By Dr Eugene Brink
Depending on where grandparents live and the nature of their relationship with their kids, they are bound to play some sort of role in their grandchildren’s lives.
In this modern day and age of working moms and parents working long hours far away from home, parenting and “grandparenting” are not what they used to be. Some children spend significant lengths of time with their grandparents due to their parents’ work commitments. And because of the changing nature of kids’ lives, this could impose all manner of new tasks on older grandparents.
The New York Times reports that Madonna Harrington Meyer, a sociologist at Syracuse University and author of Grandmothers at Work, analysed data in the US for grandparents aged 51 to 70 who had jobs, most working full-time. Some 45% had provided care for grandchildren during the two years prior and she expects this proportion to increase.
This pattern partly reflects the changing nature of parenting itself. “My mom told the seven of us to go outside and play,” Harrington Meyer says. “Today’s mom says, ‘Get in the van and I’ll drive you from camp to violin lessons.’ The idea is to cultivate your child, give them every possible advantage, and it clearly spills over to the intensification of grandparenting.”
Value and tips
“In the best cases, grandparents’ unconditional love, slower pace, and careful attention nurture grandchildren’s ‘moral imagination’ ─ the ‘ability to put themselves in the shoes of others, to understand their own feelings, and to respond to the world with kindness and acceptance’, ” says Dr Diana Divecha, a developmental psychologist and assistant clinical professor at the Yale Child Study Center and Yale Center for Emotional Intelligence.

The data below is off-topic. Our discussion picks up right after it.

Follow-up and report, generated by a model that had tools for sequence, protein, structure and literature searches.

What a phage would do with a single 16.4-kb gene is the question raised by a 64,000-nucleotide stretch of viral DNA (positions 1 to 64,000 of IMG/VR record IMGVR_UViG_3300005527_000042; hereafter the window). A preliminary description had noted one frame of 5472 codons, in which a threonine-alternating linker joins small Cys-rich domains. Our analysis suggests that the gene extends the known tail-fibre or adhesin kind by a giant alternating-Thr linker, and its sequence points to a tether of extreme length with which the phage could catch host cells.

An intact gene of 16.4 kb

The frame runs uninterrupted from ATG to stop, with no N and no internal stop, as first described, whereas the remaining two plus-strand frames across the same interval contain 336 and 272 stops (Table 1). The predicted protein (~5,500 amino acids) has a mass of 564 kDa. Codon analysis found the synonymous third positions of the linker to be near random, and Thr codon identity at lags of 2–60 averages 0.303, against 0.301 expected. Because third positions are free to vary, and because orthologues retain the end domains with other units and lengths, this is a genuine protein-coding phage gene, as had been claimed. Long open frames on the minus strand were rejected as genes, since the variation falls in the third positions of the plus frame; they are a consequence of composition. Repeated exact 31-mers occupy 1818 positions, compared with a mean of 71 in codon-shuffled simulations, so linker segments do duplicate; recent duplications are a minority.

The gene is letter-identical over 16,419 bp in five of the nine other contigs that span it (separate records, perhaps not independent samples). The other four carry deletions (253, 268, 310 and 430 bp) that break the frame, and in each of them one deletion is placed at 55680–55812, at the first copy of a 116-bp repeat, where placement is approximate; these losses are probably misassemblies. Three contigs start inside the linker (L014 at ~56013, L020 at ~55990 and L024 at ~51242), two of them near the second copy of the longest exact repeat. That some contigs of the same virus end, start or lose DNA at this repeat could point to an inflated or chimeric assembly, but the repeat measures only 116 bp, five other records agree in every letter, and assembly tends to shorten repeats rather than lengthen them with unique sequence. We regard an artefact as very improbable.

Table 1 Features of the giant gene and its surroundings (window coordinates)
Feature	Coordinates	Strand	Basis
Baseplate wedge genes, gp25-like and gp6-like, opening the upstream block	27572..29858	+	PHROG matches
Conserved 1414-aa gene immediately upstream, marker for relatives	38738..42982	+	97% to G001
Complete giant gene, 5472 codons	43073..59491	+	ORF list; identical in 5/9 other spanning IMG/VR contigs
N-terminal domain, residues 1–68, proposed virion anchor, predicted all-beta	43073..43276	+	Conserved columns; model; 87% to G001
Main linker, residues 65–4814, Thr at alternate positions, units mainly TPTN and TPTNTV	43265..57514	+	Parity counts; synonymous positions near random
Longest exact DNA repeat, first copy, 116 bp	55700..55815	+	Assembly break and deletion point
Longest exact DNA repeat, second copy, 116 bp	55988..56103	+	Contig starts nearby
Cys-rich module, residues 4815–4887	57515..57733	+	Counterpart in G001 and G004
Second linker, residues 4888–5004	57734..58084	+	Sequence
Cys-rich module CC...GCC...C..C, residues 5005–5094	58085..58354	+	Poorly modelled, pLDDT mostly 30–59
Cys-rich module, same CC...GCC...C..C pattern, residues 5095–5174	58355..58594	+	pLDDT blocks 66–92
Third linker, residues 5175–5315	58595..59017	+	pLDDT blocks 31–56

Jane Isay writes that grandparents’ unconditional acceptance helps to grow children’s empathy; grandparents impart courage, as grandchildren witness living examples of lives filled with love, sacrifice, and struggle; and grandparents’ encouragement of children’s dreams builds confidence and personal agency. “Grandparents are more likely to see grandchildren for who they really are, not who they wish them to be.”
Grandparents are also the conduits of intergenerational stories and so contribute to children’s growing sense of autobiography – where they come from, who their ancestors are and the values they’re connected to.
In her book, Unconditional Love: A Guide to Navigating the Joys and Challenges of Being a Grandparent Today, Isay says it is not the material things that children remember when it comes to their grandparents, but the gift of their perspective and access to the world.
Grandparents can enrich their grandchildren’s lives by giving them love, time and attention. To this end, grandparents need to be good listeners, provide security and protection, show interest in their activities, inspire, and be a good role model.
Grandparents and adult kids
Isay addresses the all-important relationship between grandparents and their adult children.
She advises grandparents to observe their children’s parenting styles and support them by respecting their rules on matters such as sugar intake and screen time. If there is trouble between your child and his or her coparent, stay neutral or get out of the house. It is most important to keep your criticisms, opinions and revelations about how you did things to yourself.
However, she admits that grandparents may have needs and concerns too. Extra conversations on how much money and time grandparents are willing to expend on their grandchildren might be necessary to avoid misunderstandings.
Diana Divecha, 2 August 2018, “How to navigate the joys and challenges of grandparenting”, https://greatergood.berkeley.edu/article/item/how_to_navigate_the_joys_and_challenges_of_grandparenting.
Government of South Australia Department of Education, 2019, “Grandparenting – Parent Easy Guide”, https://www.education.sa.gov.au/parenting-and-child-care/parenting/parenting-sa/parent-easy-guides/grandparenting-parent-easy-guide.
Paula Span, 23 July 2019, “When grandparents help hold it all together”, https://www.nytimes.com/2019/07/23/well/family/when-grandparents-help-hold-it-all-together.html